In Early Modern English, the word kitten was interchangeable with the now-obsolete word catling. The male progenitor of a cat a pedigreed cat, is its sire and its mother is its dam. A pedigreed cat is one. A purebred cat is one. Many pedigreed and purebred cats are exhibited as show cats. Cats of unrecorded, mixed ancestry are referred to as domestic short-haired or domestic long-haired cats, or as random-bred, moggies, or mongrels or mutt-cats; the semi-feral cat, a outdoor cat, is not owned by any one individual, but is friendly to people and may be fed by several households. Feral cats are associated with human habitation areas, foraging for food and sometimes intermittently fed by people, but are wary of human interaction. Domesti
Blót is the term for "sacrifice" in Norse paganism. A blót could be dedicated to any of the Norse gods, the spirits of the land, to ancestors; the sacrifice involved aspects of a sacramental feast. The cognate term blōt or geblōt in Old English would have referred to comparable traditions in Anglo-Saxon paganism, comparanda can be reconstructed for the wider Germanic Indo-European; the word blót is an Old Norse strong neuter noun. The corresponding Old English neuter blōt may be influenced by Old Norse; the reconstructed Proto-Germanic form of the noun is *blōtą "sacrifice, worship". Connected to this is the Proto-Germanic strong verb *blōtaną with descendants in Gothic, Old Norse blóta, Old English blōtan and Old High German bluozan, all of which mean "to sacrifice, worship"; the word appears in a compound attested in Old Norse as blót-hús "house of worship" and in Old High German as bluoz-hūz "temple". With a different nominative affix, the same stem is found in the Proto-Germanic noun *blōstrą "sacrifice" — attested in Gothic * in - "worshipper of God" and Old High German bluostar "offering, sacrifice").
This stem is thought to be connected to the Proto-Germanic verb *blōaną "to blow. Sophus Bugge was the first to suggest a connection between blót and the Latin flamen, both words can be traced back to the Proto-Indo-European stem *bhlād- "to bubble forth; the verb blóta meant "to worship with sacrifice", or "to strengthen". The sacrifice consisted of animals or war prisoners, in particular pigs and horses; the meat was boiled in large cooking pits with heated stones, either indoors or outdoors. The blood was considered to contain special powers and it was sprinkled on the statues of the gods, on the walls and on the participants themselves, it was a sacred moment when the people gathered around the steaming cauldrons to have a meal together with the gods or the Elves. The drink, passed around was blessed and sacred as well and it was passed from participant to participant; the drink was beer or mead but among the nobility it could be imported wine. The old prayer was til árs ok friðar, "for a good year and frith" They asked for fertility, good health, a good life and peace and harmony between the people and the powers.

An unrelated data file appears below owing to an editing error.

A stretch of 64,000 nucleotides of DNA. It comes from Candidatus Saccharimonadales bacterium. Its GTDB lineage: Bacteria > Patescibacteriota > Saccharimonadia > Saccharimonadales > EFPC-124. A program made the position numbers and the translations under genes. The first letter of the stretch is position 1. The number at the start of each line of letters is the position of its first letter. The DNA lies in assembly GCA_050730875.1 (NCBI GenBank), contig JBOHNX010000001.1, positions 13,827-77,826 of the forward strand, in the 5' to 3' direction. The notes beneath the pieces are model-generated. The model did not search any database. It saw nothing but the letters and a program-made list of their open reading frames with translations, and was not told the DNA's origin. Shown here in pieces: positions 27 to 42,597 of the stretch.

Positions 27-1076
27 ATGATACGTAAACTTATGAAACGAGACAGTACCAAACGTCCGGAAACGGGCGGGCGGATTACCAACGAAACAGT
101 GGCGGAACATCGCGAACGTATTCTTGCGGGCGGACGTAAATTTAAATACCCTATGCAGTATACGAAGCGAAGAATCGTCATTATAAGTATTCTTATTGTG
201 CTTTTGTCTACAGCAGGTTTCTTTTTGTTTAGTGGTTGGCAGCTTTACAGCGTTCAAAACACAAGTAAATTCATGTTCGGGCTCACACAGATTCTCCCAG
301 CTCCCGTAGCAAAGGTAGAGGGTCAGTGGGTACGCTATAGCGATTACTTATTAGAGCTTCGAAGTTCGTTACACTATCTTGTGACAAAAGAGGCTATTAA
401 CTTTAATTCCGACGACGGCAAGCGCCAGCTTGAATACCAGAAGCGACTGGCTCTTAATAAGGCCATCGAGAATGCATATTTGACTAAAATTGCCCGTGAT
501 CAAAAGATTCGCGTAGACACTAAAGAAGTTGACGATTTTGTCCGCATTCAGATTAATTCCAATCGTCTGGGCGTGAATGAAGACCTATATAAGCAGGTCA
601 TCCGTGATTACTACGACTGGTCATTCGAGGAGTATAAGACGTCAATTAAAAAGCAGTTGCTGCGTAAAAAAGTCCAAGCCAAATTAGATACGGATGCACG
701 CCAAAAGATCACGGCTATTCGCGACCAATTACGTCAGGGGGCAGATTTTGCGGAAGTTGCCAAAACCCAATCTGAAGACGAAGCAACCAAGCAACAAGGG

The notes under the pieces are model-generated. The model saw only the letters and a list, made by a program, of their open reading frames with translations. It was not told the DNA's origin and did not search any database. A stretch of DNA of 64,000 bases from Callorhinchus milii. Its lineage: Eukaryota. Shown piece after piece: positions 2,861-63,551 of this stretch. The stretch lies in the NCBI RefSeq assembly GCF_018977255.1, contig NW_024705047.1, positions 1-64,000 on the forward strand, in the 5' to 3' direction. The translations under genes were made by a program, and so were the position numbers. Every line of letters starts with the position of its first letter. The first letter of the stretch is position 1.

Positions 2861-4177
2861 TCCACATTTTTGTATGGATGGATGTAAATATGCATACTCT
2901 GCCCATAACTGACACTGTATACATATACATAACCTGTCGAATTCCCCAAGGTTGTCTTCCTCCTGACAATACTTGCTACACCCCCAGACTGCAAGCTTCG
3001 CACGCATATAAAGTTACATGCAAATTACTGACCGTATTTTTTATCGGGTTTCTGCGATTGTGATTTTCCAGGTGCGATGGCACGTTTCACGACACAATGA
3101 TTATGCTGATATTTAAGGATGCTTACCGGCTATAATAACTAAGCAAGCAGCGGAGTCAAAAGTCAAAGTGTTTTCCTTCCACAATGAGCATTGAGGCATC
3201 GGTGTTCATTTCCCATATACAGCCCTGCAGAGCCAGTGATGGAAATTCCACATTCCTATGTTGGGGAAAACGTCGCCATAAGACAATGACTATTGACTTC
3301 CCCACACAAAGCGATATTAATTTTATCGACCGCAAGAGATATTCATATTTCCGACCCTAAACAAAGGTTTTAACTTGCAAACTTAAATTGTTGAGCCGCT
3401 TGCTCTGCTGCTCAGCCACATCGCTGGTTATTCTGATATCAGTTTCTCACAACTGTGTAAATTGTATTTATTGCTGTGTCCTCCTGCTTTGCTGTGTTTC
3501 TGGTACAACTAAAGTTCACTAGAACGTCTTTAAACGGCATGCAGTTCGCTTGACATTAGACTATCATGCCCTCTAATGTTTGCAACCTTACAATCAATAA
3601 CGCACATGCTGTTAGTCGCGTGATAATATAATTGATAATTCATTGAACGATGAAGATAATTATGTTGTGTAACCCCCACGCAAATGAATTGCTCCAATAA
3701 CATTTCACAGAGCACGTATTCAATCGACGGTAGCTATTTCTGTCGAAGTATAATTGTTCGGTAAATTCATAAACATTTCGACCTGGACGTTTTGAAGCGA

The autumn blót was performed in the middle of October, the Winter Nights, indicating the beginning of winter. The great midwinter blót, or Yule, took place in the middle of January. Freyr was the most important god at the Midwinter and autumn blót, Christmas ham is still a main Christmas course in parts of Scandinavia; the Summer blót was undertaken in the middle of April and it was given to Odin. They drank for victory in war and this blót was the starting date for Viking expeditions and wars. For the early Anglo-Saxons, November was known as Blōtmōnaþ, as this Old English passage points out: A building where the blót took place was called a hov and there are many place names derived from this in e.g. Scania, West Götaland and East Götaland. Excavations at the medieval churches of Mære in Trøndelag and at Old Uppsala provide the few exceptions where church sites are associated with earlier churches. There were other sacred places called Hörgr, Vé, Lund and Haug. Hörgr means altar consisting of a heap of stones, Lund means "grove" and Ve "sacred place".
The Christian laws forbade worshipping at the haug or haugr meaning "mound" or "barrow". The German historian Thietmar, Count of Merseburg wrote that the Daner had their main cult centre on Zealand at Lejre, where they gathered every nine years and sacrificed 99 people but horses and hens. There are however no historical records from Scandinavian sources nor any archeological findings supporting this. Archaeological excavations have indeed revealed Lejre to be of great importance and in fact the seat of the royal family dating to at least the Iron Age. There is not conclusive evidence that Lejre was the site of a main cult centre though, but excavations around lake Tissø not far to the West, have revealed an ancient hof of great importance. Snorri Sturluson relates of a meeting between the peasants of Trøndelag and king Haakon I of Norway, a meeting which ended in a religious feud centered around the blót. Haakon was raised at the Christian English court and had returned to claim the throne of his father Harald Fairhair and intended to Christianize the country.
In spite of the fact that the peasants had elected Haakon king at the Thing they opposed his religious ideas. It was an old custom, that when there was to be sacrifice all the bóndis should come to the spot where the temple stood and bring with them all that they required while the festival of the sacrifice lasted. To this festival all the men brought ale with them. Hlaut-staves were made, like sprinkling brushes, with which the whole of the altars and the temple walls, both outside and inside, were sprinkled over, the people were sprinkled with the blood; the fire was in the middle of the floor of the temple, over it hung the kettles, the full goblets were handed across the fire.